Will my chicks stay healthy the whole time we have them & is there anything we need to know to ensure their proper growth? Most of the chicks will stay healthy the whole time. However, as with all animals, a few may be weaker than the others. If you notice a chick that is panting, drooping or not active (other than when it sleeps), or not eating or drinking, there may be a problem.

What can be done if a chick seems to not be acting well? There are only a few things that can be done and there is no guarantee that extra care will result in a recovery.

  1. Remove the unwell chick from it’s companion so that it won’t get picked on. Put it in a separate box with food, water and a lamp.
  2. Use a dropper to feed it water.
  3. If it is shivering, put it under the heat lamp. If it is panting, move it further away from the light.
  4. Check on the unwell chick/duckling frequently.
  5. If you do not want to try to care for a chick you think is unwell, you may bring it back to the farm. Message me for the fastest response.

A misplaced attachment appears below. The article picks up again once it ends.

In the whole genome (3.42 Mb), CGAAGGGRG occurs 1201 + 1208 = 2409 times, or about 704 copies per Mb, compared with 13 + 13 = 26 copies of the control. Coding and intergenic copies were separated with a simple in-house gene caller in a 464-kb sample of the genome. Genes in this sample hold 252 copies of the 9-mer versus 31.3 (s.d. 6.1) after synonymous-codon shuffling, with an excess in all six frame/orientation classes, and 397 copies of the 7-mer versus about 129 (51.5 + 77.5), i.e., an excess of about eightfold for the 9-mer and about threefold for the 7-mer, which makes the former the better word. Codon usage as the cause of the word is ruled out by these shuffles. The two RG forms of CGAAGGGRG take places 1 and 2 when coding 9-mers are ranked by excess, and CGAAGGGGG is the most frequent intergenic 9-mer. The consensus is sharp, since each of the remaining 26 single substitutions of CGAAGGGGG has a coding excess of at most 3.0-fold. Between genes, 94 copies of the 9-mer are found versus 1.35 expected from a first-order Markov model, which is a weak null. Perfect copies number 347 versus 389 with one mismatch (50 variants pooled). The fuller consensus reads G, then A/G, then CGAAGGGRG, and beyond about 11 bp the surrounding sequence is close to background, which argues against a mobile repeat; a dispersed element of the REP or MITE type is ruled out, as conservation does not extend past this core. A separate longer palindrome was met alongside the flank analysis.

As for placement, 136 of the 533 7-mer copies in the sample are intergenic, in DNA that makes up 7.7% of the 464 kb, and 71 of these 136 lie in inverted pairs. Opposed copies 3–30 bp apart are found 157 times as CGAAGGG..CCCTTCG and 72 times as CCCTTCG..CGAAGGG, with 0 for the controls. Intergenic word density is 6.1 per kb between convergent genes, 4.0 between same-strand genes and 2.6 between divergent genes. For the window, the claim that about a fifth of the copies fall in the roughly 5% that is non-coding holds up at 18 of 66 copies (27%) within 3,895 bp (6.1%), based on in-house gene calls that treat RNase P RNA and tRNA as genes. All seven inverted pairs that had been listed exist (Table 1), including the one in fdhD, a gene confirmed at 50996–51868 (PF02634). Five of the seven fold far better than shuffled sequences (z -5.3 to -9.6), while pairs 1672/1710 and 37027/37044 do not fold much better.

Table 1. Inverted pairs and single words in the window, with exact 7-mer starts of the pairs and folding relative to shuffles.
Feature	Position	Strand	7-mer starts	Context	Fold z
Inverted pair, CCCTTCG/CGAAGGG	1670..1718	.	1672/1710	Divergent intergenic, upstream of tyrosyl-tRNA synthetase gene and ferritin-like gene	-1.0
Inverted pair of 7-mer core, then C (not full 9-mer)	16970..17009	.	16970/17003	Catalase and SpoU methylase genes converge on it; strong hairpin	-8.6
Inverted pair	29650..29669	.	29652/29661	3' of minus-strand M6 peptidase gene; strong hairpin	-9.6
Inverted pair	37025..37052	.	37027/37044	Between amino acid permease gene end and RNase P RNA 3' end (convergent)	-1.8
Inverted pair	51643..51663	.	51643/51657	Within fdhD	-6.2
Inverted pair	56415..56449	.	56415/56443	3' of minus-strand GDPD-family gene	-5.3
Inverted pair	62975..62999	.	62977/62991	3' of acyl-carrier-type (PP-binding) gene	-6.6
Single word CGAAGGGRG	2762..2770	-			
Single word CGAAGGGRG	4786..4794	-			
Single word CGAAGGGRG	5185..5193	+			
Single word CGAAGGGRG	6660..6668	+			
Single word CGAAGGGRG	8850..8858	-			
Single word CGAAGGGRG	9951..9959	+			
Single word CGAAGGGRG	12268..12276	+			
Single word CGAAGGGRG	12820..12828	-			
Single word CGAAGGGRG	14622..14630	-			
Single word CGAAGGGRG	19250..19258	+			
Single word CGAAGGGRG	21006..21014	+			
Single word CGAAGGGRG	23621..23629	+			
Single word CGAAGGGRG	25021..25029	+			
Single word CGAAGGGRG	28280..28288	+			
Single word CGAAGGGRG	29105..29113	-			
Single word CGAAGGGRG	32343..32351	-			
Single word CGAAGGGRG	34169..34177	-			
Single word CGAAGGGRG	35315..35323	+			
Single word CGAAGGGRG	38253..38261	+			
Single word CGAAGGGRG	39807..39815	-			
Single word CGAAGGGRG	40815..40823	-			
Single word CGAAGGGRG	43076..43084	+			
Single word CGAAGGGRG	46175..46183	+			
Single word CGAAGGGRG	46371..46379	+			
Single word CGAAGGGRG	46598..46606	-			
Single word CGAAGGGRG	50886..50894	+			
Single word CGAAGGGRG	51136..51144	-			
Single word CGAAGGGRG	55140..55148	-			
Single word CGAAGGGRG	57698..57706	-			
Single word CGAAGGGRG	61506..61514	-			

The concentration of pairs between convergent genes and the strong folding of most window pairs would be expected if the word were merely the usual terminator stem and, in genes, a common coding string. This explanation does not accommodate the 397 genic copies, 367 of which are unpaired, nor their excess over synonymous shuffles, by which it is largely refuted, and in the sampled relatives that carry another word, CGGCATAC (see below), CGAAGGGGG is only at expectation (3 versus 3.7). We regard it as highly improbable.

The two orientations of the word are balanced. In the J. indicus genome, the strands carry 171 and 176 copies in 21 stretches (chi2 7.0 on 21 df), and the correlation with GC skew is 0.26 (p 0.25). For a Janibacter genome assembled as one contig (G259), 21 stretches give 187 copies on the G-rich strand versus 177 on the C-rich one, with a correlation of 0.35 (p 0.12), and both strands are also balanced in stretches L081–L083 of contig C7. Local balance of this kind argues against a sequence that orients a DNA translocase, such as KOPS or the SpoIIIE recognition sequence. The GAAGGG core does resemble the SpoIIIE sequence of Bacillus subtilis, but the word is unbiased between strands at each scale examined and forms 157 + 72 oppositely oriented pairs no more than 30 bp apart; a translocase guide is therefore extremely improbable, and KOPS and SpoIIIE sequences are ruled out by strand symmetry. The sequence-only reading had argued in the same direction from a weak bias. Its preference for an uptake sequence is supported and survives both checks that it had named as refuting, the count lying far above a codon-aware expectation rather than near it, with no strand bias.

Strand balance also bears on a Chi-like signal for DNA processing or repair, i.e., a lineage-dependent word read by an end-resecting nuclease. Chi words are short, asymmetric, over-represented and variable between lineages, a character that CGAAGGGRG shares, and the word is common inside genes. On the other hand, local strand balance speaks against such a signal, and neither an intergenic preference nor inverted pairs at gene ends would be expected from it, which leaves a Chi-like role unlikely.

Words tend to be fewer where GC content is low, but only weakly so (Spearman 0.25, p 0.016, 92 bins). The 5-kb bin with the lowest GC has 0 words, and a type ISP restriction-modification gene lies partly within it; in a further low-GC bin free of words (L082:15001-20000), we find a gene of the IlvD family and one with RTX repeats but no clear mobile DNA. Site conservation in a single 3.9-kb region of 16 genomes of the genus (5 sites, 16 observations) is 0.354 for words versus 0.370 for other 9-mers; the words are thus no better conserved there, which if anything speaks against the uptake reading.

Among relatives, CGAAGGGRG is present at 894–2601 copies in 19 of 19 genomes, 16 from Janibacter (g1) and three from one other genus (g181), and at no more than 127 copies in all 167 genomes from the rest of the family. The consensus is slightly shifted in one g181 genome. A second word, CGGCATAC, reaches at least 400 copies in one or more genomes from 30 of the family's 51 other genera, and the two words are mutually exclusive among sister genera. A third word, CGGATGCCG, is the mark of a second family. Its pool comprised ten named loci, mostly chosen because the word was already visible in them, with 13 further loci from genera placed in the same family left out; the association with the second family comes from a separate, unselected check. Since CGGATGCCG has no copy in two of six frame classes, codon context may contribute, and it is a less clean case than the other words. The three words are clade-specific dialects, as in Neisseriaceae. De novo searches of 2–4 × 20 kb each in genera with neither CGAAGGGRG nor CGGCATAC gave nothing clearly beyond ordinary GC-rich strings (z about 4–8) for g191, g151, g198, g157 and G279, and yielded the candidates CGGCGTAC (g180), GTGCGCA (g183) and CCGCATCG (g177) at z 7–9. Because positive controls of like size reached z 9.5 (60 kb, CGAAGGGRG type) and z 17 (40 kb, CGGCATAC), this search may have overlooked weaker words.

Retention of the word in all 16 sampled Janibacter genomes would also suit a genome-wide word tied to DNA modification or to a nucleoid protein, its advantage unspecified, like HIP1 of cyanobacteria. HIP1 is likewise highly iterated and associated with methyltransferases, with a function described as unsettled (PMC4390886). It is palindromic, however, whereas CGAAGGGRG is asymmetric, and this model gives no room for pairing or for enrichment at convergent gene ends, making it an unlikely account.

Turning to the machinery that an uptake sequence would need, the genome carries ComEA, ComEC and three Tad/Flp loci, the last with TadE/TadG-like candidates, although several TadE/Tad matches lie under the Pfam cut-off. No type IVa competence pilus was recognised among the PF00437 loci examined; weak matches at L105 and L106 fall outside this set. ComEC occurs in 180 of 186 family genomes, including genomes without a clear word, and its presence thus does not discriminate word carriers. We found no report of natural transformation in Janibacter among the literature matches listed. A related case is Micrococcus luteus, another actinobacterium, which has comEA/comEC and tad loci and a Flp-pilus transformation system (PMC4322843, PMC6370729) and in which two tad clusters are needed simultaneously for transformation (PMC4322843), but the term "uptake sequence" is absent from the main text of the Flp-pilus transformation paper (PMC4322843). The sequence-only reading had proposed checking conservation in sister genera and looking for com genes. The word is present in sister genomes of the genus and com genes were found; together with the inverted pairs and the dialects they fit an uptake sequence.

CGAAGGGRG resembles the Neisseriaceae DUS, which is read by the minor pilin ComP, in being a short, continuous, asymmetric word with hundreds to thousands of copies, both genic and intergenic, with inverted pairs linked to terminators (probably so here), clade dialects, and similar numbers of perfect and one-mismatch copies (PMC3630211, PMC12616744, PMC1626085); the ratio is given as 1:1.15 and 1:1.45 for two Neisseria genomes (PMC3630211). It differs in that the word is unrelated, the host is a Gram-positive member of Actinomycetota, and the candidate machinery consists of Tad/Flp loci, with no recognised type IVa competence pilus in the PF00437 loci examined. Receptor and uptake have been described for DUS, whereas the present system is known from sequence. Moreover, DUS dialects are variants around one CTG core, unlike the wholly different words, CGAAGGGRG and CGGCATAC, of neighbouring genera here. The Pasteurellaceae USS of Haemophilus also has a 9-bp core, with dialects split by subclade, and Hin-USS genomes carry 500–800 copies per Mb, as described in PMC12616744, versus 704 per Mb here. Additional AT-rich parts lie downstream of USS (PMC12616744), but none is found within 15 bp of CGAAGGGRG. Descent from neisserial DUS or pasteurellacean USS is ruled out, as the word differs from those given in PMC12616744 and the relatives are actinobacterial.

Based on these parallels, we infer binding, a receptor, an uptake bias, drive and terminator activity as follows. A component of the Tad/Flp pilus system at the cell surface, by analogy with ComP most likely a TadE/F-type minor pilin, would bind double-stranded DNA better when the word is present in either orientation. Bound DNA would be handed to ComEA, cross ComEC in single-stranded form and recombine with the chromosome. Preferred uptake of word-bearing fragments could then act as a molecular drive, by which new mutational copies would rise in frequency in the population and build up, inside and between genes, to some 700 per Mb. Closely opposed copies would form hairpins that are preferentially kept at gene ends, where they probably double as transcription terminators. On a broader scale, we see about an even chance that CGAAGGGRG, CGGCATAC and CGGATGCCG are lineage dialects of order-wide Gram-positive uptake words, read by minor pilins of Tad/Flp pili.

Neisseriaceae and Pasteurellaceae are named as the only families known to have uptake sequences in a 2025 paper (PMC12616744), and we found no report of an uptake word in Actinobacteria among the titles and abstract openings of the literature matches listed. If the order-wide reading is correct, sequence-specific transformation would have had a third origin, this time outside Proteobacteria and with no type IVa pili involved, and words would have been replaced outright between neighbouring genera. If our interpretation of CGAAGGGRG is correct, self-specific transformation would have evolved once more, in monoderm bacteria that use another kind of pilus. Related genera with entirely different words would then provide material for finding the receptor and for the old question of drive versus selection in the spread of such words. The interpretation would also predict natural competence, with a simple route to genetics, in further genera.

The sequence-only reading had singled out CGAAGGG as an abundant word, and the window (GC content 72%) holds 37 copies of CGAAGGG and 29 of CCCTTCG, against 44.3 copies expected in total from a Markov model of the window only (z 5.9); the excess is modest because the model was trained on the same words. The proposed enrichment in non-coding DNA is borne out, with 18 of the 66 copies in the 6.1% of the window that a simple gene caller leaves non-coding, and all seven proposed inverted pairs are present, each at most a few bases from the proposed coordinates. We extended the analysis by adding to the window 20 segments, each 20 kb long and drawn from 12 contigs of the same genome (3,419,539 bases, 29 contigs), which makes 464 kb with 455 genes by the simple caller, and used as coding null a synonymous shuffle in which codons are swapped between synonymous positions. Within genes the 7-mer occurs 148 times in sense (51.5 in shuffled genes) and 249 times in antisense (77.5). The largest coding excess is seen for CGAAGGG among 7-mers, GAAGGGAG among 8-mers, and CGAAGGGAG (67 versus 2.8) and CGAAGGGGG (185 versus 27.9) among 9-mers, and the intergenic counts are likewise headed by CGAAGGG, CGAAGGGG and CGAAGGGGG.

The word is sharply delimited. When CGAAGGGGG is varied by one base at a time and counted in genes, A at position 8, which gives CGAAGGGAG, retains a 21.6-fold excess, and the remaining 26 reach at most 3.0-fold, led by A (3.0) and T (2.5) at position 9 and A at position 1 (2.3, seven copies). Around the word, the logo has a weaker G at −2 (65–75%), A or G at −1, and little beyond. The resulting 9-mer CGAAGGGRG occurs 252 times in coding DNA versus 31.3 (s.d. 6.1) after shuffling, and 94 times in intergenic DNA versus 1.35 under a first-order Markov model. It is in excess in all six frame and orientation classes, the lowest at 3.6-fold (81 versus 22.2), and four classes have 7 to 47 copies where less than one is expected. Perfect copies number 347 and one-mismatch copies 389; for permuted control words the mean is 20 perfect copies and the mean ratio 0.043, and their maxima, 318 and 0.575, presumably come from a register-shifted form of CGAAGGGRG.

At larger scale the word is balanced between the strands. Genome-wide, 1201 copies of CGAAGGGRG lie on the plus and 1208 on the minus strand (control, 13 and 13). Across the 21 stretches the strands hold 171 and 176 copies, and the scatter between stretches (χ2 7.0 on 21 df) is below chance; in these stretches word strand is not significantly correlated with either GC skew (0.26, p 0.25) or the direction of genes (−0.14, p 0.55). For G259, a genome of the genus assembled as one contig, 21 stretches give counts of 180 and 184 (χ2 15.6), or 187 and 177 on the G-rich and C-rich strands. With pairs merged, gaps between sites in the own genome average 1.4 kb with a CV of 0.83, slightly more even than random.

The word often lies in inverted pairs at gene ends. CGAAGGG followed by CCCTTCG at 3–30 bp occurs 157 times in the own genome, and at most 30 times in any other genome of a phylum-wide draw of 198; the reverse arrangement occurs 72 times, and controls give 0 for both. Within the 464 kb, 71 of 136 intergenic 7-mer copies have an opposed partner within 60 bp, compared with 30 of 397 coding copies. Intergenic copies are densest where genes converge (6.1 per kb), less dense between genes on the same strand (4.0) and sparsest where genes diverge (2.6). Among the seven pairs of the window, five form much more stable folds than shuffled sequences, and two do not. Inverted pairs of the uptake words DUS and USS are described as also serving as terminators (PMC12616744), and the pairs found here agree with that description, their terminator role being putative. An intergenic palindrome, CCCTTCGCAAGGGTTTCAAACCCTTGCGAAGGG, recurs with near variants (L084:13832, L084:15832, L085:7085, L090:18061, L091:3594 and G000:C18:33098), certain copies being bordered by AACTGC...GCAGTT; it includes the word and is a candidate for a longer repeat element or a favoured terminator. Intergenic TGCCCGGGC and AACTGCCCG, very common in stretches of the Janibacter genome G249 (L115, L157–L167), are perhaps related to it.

6. If the chick recovers, you may allow it to rejoin its companion.
  7. If the chick dies, there is no extra charge. We understand that sometimes weaker animals don’t make it but we are sorry that your family experienced it. Try to use the experience to teach your children about the life and death that is normal to all nature.

How loud are the chicks? You’ll find that the chick make a gentle “peeping” noise most of the time they are awake. If their “peeping” gets loud it usually means they need food, water or are frightened.

Can I get a smaller or large size chick? I’m sorry. We don’t have much variation in size.

Can I get a chick of a different color? I’m sorry. All the chicks are the same breed and are mostly the same color.

What happens to the chicks when they return to the farm? We will house them in a sheltered area for a couple more weeks until they are strong enough to live outside full time. Then they will live on the farm until they reach maturity. The chicks will be full grown when they are about 10 weeks old.

Care instructions? Here is a pdf download of care instructions.

Can we post pictures of them on social media? Of course. We’d love for you to tag #willowhavenfarm and #fosterachick so we can see your posts too!

Return instructions? I’ll be sending return instructions in a future email.

How and when do I pick up my chicks? That will be in the next email.

I hope this info is helpful as you prepare for your fostering experience.

See you soon!

Tessa DeMaster and the Farm Kids

Willow Haven Farm​ ​

Directions to the farm